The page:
00 Radius of Detection (nm) 11.67 Total Search Distance (nm) 93.33 Total Distance Travelled (nm) 193.33 Fuel Needed (lbs) 966.67 Circular Area of Detection (nm^2) 427.

39 # of Torpedoes 2.00 Weight of Torpedoes 800.00 Weight Available for Sonobuoys 1033.33 Type A Type B Sonobuoy Capacity 10.00 10.00 Max Area of Detection 384.65 502.40 Probability of Detection 1.

00 Probability of Kill 0.75 50 MILES TO CONTACT 50 MILES TO CONTACT 3 TORPEDOES 2 TORPEDOES Figure 7 At this shorter range of fifty nautical miles, it becomes evident that carrying three torpedoes has some advantage over carrying only two. Since in both cases, sonobuoys do not limit the area of detection, the kill probability depends solely on the number of available torpedoes. In this case, probability of a kill increased by 17% when a third torpedo was carried. Sensitivity Testing Several variables in this model proved to be sensitive, but only one variable was sensitive enough to possibly change the conclusion.

That variable was maximum payload, or total weight available for carriage. Our initial estimate of maximum payload was 2850 lbs. However, it was found that if this payload was increased to 3100 lbs, our recommendation changed: Distance to Contact (nm) 75.00 Time of Flight (min) 50.00 Radius of Detection (nm) 16.

67 Total Search Distance (nm) 133.33 Total Distance Traveled (nm) 283.33 Fuel Needed (lbs) 1416.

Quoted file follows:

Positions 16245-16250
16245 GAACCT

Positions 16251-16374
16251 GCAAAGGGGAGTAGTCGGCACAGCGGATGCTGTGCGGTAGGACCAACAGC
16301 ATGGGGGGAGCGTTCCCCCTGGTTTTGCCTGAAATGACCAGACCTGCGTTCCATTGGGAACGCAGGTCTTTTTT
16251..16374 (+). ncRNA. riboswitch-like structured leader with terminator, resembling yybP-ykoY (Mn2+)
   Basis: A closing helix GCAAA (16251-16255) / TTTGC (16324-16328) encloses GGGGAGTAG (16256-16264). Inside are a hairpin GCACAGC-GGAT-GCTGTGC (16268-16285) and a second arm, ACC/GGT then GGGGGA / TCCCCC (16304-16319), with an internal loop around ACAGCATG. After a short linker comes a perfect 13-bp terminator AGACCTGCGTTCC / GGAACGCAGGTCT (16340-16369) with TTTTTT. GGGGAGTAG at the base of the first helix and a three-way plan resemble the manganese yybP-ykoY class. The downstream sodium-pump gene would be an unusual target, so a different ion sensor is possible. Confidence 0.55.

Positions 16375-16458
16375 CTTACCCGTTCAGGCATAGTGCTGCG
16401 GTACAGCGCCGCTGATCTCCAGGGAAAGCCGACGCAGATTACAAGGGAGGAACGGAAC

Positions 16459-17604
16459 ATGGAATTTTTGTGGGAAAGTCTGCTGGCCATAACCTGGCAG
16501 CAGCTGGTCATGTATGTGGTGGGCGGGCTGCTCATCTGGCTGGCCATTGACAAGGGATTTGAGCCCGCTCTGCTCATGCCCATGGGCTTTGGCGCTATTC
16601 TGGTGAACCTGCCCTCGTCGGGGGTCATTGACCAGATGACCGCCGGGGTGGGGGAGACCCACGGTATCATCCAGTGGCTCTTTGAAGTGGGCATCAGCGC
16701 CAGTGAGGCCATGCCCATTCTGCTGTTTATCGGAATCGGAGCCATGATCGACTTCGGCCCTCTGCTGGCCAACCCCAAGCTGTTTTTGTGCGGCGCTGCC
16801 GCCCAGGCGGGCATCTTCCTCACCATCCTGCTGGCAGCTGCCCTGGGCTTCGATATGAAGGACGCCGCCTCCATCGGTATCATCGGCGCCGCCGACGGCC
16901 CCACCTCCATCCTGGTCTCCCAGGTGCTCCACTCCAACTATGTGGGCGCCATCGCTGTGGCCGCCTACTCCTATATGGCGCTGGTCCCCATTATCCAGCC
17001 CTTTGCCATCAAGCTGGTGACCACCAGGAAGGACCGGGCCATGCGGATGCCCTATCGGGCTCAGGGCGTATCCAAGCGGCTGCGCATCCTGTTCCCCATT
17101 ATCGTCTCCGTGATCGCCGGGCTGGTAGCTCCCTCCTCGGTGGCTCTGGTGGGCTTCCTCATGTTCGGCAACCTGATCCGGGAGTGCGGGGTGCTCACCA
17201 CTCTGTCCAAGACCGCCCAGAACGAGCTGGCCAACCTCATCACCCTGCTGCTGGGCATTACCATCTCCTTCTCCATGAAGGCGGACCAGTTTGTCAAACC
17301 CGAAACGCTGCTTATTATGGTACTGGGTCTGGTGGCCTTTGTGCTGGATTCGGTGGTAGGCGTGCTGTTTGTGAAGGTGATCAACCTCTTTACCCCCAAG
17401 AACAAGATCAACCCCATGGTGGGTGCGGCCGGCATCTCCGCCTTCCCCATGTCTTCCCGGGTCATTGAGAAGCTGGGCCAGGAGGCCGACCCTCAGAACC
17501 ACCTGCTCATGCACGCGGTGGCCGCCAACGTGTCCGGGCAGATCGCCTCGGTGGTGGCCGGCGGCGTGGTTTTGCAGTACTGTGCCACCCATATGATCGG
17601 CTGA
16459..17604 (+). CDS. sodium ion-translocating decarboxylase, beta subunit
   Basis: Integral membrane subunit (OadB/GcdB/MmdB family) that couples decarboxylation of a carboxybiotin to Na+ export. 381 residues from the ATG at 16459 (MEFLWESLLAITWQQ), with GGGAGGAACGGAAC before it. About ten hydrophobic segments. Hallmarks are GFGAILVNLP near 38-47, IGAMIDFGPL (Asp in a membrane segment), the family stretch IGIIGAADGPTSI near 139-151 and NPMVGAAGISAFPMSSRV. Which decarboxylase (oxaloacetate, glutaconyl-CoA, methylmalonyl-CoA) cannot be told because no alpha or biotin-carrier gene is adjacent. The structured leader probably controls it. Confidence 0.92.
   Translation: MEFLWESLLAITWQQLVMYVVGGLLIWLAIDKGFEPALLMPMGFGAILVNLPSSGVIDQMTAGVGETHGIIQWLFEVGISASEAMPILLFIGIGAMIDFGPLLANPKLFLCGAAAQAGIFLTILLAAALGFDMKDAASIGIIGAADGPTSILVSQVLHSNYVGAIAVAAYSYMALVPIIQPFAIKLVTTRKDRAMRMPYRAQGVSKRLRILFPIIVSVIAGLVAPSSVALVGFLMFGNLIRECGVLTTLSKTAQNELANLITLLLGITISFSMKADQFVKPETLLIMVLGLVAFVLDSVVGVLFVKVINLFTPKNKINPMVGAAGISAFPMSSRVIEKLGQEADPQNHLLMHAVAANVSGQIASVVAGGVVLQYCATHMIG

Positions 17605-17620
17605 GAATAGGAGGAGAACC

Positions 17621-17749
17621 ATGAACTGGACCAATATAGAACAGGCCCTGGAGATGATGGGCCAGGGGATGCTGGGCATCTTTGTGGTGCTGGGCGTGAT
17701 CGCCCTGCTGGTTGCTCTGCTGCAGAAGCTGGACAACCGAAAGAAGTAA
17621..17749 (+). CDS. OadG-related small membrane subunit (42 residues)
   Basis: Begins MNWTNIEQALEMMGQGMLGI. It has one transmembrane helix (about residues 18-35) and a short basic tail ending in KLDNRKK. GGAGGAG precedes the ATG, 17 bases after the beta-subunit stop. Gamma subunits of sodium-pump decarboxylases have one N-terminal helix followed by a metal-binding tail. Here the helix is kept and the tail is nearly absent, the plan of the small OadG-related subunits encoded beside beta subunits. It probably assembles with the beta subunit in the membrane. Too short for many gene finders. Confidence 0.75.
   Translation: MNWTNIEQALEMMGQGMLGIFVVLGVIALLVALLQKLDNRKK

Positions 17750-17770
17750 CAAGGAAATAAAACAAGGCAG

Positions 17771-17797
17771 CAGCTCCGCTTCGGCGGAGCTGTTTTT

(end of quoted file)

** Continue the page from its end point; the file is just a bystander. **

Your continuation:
67 Circular Area of Detection (nm^2) 872.22 # of Torpedoes 3.00 Weight of Torpedoes 1200.00 Weight Available for Sonobuoys 433.33 Type A Type B Sonobuoy Capacity 10.00 10.00 Max Area of Detection 384.

65 502.40 Probability of Detection 0.58 Probability of Kill 0.50 Distance to Contact (nm) 75.00 Time of Flight (min) 50.00 Radius of Detection (nm) 16.67 Total Search Distance (nm) 133.33 Total Distance Traveled (nm) 283.

33 Fuel Needed (lbs) 1416.67 Circular Area of Detection (nm^2) 872.22 # of Torpedoes 2.00 Weight of Torpedoes 800.

00 Weight Available for Sonobuoys 833.33 Type A Type B Sonobuoy Capacity 10.00 10.00 Max Area of Detection 384.65 502.40 Probability of Detection 0.58 Probability of Kill 0.

43 MAXIMUM PAYLOAD = 3100 LBS MAXIMUM PAYLOAD = 3100 LBS Figure 8 We can see here that even at the longer range of 75 nautical miles, the probability of kill remains higher while carrying three torpedoes. The reason for this change is simple. The added payload of the helicopter takes away the disadvantage of being unable to carry maximum sonobuoys.

If the payload can be increased up to 3100 lbs, our recommendation will be to increase the torpedo carriage. Conclusions From our analysis, we have come to our final decision.It will be more effective for the SH-60 anti-submarine helicopter to carry two torpedoes. Simply put, the kill probability drops too significantly at long ranges with three torpedoes. An 87% drop in kill probability between two and three torpedoes is undoubtedly very significant.

However, kill probability at short ranges differ by only 17%, and remain high while carrying both two and three torpedoes. Unfortunately, our naval forces cannot always count on enemy submarines appearing within the fifty nautical mile range, so it’s important to have an anti-submarine platform that retains its mission outside of this range. If an SH-60’s payload could be increased to carrying three torpedoes and twenty sonobuoys, the SH-60 loses this mission ineffectiveness.

Mathematics.